As you know if you read At the Fudd Range, Thinking About Safety on Friday morning, we’re at the Fudd River Fish & Game Club for Phase II of the Interminable Range Orientation this morning. But through the magic of scheduled posts, we can be here entertaining you (in the warm expectations your comments will entertain us in turn).
We are having a burst of unseasonable warmth; it hit almost 60ºF yesterday, so the BikeE came out of the garage — tires still at 100 psi from the last warm snap — and off we went. Muscles unused to the recumbent complained at first, but the weather, scenery, and people we met (a recumbent bike is nearly as good a conversation starter as a dog) all made it delightful. Of course, we had to stop and hobnob with all the dog walkers, even though Small Dog was back at home, pining for his humans who were everywhere but giving him the lap he needed. We met a rescued Greyhound and his human, and a solid, stolid black Lab and her family, and a whole bunch of other people.
People wonder: why live there, when you could live anywhere, and the winters can be depression-inducing? This, dear readers and friends, is why:
True, there are days the sight is best enjoyed from atop the climate-controlled seats of the Plush Car, but yesterday was not one of those days. Even at low tide (this is low-ish, maybe not absolute low) it’s a pleasing sight. The Atlantic has a thousand moods; this is the inviting, I-am-here-to-feed-Man mood. Off to the right of this picture, there are some small, bleak, rocky islets, and the next landfall after that is, depending on azimuth, Iceland, Ireland, England, or the Azores. On other days, the Ocean is in the I-am-here-to-feed-on-Man mood.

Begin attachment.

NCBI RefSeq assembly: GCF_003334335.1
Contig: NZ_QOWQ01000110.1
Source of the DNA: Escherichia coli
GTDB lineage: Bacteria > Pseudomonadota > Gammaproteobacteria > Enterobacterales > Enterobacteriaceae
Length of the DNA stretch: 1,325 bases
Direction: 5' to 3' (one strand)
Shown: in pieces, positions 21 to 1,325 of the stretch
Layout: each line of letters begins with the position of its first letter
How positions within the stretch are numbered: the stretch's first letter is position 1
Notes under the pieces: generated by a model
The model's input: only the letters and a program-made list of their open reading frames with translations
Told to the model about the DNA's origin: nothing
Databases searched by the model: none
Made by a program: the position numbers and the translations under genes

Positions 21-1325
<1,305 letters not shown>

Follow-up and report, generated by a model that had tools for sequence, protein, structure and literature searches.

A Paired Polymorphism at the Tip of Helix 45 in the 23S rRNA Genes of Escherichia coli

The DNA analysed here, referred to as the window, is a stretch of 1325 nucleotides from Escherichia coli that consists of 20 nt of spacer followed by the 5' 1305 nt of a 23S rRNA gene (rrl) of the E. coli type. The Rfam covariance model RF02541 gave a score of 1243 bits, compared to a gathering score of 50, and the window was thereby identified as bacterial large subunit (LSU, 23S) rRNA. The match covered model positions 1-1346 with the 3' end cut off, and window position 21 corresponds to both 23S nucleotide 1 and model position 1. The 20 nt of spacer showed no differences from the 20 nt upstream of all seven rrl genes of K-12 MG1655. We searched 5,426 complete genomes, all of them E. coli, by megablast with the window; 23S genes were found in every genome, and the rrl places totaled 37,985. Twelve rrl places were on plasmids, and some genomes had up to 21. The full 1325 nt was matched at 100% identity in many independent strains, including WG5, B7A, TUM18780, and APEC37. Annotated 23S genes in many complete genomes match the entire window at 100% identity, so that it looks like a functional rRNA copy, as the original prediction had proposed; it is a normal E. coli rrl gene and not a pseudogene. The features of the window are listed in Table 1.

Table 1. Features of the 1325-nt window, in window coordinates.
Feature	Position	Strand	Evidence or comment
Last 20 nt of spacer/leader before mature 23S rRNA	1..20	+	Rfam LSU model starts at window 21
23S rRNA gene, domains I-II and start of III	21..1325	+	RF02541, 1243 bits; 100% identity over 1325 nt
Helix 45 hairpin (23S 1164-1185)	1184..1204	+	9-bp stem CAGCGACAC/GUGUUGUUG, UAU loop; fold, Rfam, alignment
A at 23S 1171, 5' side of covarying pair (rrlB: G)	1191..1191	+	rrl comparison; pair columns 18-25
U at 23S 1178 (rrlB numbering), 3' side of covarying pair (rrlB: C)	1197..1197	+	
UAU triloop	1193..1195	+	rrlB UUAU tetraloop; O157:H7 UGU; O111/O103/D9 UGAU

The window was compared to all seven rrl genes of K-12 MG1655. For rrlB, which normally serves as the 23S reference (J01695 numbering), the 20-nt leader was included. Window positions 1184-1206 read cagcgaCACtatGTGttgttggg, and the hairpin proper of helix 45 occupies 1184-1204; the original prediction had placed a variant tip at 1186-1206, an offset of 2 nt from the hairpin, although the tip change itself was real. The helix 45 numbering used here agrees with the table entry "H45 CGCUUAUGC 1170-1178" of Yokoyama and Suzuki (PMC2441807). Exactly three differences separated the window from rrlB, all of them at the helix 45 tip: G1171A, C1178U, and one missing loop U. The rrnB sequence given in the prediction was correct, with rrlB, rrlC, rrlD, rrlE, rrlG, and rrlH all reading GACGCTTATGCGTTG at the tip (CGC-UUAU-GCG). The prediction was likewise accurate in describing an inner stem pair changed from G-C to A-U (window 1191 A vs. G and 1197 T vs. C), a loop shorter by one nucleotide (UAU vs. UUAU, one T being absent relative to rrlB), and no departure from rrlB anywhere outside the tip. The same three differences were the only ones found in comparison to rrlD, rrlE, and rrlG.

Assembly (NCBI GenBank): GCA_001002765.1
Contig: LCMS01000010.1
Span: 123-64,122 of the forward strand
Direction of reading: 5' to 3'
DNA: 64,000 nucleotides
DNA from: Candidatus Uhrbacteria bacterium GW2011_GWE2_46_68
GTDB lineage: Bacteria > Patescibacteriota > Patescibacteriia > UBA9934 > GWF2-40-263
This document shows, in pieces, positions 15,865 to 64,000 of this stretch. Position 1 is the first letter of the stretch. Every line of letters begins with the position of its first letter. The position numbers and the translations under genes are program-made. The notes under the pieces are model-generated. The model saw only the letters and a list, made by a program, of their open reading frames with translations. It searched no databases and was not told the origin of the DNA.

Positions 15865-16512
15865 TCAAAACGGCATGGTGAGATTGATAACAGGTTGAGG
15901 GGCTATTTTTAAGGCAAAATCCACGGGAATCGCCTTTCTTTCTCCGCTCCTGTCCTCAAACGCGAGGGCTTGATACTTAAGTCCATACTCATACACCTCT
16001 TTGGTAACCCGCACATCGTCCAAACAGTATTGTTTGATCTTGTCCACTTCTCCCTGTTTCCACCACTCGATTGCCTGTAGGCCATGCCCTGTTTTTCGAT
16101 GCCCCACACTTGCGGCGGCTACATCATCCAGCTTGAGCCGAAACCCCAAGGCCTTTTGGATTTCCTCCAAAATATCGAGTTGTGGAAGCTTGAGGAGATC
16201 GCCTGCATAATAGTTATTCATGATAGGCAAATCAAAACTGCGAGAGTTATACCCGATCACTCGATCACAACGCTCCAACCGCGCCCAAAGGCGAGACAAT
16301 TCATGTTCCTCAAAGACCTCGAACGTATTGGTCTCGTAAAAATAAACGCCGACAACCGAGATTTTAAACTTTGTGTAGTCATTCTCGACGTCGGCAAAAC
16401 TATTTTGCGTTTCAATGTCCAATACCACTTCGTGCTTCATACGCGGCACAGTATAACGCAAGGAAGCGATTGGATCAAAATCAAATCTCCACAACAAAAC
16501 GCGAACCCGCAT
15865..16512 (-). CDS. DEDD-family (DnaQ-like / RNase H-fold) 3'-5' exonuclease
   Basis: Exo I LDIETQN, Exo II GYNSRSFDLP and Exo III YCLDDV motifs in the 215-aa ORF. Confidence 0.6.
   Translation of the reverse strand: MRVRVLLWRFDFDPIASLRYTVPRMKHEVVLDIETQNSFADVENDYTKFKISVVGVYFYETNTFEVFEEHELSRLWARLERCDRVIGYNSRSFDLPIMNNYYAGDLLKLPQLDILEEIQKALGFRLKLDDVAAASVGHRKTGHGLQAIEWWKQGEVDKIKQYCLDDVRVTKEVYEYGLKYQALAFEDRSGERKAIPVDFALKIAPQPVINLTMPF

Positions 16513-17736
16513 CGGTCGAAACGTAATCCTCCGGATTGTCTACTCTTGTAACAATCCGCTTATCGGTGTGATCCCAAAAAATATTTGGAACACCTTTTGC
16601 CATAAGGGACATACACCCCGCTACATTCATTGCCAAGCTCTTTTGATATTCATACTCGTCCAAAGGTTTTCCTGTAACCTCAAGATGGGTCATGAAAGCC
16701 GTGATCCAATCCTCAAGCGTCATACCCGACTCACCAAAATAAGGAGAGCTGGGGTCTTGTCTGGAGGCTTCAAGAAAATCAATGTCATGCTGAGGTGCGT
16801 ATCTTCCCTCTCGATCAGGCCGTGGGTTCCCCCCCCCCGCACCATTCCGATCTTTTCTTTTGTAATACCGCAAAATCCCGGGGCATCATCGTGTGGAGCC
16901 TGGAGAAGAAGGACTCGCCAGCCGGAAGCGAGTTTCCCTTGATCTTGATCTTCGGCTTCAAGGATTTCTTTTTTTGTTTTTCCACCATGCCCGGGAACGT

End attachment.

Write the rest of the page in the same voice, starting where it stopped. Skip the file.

Heh, too much oceanic thinking. Maybe it was the seafood plate from Friday night. Frozen seafood is okay, but seafood that you know was landed in this harbor today — that’s the best.
After taking this picture, we saddled back up on the bike and came across a knot of excited men and women with huge cameras — like the cameras the pro photographers had in the airshow press briefings, 200, 300, 400 mm lenses. (The airshow guys lean Canon, and this group Nikon. Color of the lens is the giveaway). They had to be birdwatchers. They were!
They explained that they had their eyes on an uncommon Snowy Owl, and the bird had been right here mere minutes ago. One of them talked us onto the bird by terrain association — it was a good 2000m away, a white speck, perching regally on a railing behind a seafood restaurant. Well, we were going that way anyway, and when we ran into a knot of cameras, we’d probably find the bird.
Sure enough, we did, although this group was mostly looky-lous with point-and-shoot and phone cameras; the long-lens team knew they could not get a good shot from this road, shooting west into the setting afternoon sun. But the looky-lous were trying, and so we did, too:
We’ll talk you on to the bird now. Of course, his (?) white privilege is not showing, as he’s backlighted by the aforementioned yellow star. But you can certainly spot him in this picture; begin from the telephone pole.
Go right: there is a chimney.
Go right again: there is a small antenna, probably a TV antenna.
Go right to the very peak of the garage roof. There is our Snowy friend. Let’s zoom in:
Ah, the “antenna” was a weathervane.
The temps will drop again, and Snowy the Owl will probably have real snow to be concealed against soon enough. But it’s quite a thrill to share the zip code with one of these interesting birds that roost in the Arctic and only come down here to feed.
Most of the birdwatchers were not from around here; they were from all over New England, motivated by a Rare Bird Alert on the Audubon website. The birdwatchers we saw were all class acts: remaining on the public right-of-way, respecting private property, and not approaching the bird, in short, all the things the Audubon Society asks people to do. They say that “seeing a Snowy Owl is a rare privilege,” and although, as the pictures show, we didn’t see it all that well, we do feel rarely privileged.